Competition Between Emerging Market and Multinational Firms: Wal-Mart and Mexican Retailers

6812 Words Apr 5th, 2011 28 Pages
Competition between Emerging Market and Multinational Firms: Wal-Mart and Mexican Retailers
Dante Di Gregorio, Douglas E Thomas, Fernán González de Castilla. International Journal of Management. Poole: Sep 2008. Vol. 25, Iss. 3; pg. 532, 15 pgs
Abstract (Summary)
We analyze how competitive dynamics within the Mexican retail sector have shifted following the entrance and ascendance of Wal-Mart, and how Mexican retailers have responded individually and collectively to Wal-Mart 's dominance. We discuss implications for strategic management and international business research as well as for managers of emerging market firms that face dominant foreign competitors. Within fifteen years of entering Mexico, Wal-Mart has become the dominant
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To analyze these competitive interactions, we draw on the competitive dynamics stream of research within strategic management (e.g., Grimm & Smith, 1997; Smith, Ferrier & Ndofor, 2001; Ketchen, Snow & Hoover, 2004). We show how competitive dynamics have evolved in the Mexican retail industry following the entrance and dominance of Wal-Mart. We conclude with a discussion of the implications for both theory and practice.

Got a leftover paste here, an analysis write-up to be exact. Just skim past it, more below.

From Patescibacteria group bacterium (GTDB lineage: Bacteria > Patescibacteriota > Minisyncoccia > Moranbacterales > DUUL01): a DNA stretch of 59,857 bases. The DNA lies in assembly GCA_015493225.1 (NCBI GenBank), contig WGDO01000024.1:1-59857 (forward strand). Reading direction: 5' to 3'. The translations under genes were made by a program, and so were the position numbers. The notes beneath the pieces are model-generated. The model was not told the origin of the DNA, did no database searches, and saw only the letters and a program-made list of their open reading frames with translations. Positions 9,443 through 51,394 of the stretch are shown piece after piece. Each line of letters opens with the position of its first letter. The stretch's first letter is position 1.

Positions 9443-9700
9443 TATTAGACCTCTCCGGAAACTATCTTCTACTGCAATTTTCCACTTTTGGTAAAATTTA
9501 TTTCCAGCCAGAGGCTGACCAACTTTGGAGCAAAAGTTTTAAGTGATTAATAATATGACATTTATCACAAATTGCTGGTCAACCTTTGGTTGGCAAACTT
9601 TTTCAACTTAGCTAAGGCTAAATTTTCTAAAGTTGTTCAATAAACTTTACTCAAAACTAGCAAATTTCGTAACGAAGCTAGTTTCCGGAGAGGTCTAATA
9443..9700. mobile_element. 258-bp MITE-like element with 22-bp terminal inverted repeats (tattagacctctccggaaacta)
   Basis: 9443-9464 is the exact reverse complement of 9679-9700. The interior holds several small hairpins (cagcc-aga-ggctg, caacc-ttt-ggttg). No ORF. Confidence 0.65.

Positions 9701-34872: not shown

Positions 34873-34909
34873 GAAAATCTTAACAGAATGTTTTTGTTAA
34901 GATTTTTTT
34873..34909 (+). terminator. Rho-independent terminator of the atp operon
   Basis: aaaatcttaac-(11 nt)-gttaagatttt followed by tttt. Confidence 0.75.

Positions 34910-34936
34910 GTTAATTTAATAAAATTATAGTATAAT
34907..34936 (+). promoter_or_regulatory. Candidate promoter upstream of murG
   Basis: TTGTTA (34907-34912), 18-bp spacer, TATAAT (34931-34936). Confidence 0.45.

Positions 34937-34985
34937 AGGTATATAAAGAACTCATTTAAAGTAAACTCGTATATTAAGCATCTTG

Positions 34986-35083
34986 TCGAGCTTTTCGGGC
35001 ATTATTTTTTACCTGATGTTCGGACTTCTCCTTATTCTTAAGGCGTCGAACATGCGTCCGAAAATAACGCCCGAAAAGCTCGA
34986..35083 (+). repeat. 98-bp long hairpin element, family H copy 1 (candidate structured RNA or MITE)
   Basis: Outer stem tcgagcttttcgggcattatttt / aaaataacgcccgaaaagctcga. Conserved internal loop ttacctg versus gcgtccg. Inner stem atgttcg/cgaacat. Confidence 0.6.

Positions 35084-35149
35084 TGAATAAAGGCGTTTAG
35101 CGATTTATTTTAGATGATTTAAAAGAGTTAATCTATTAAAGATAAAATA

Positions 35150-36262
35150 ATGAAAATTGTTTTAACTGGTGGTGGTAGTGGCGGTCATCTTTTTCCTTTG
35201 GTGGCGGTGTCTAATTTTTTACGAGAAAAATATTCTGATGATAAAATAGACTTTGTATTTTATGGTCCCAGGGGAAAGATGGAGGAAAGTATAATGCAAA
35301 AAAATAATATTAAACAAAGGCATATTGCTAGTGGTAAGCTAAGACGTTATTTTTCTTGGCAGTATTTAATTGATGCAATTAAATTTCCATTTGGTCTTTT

1. Competitive Dynamics between Dominant Multinationals and Emerging Market Firms
Emerging economies are generally characterized by a rapid pace of economic growth, increasing liberalization of trade and investment regimes, and economic restructuring (Hoskisson et al, 2000). Mexico, for instance, maintained high trade barriers and imposed strict limitations on foreign investment through the mid-1980s. From the point at which Mexico joined the General Agreement on Tariffs and Trade in 1986 through the implementation of the North American Free Trade Agreement with Canada and the United States in 1994 and a broad range of similar agreements with other countries, Mexican firms became increasingly exposed to competitive pressures from foreign firms in the form of imported products as well as foreign-owned operations in Mexico. In this respect, the Mexican experience is similar to that of emerging economies throughout Latin America (which also moved away from import substitution industrialization toward a more
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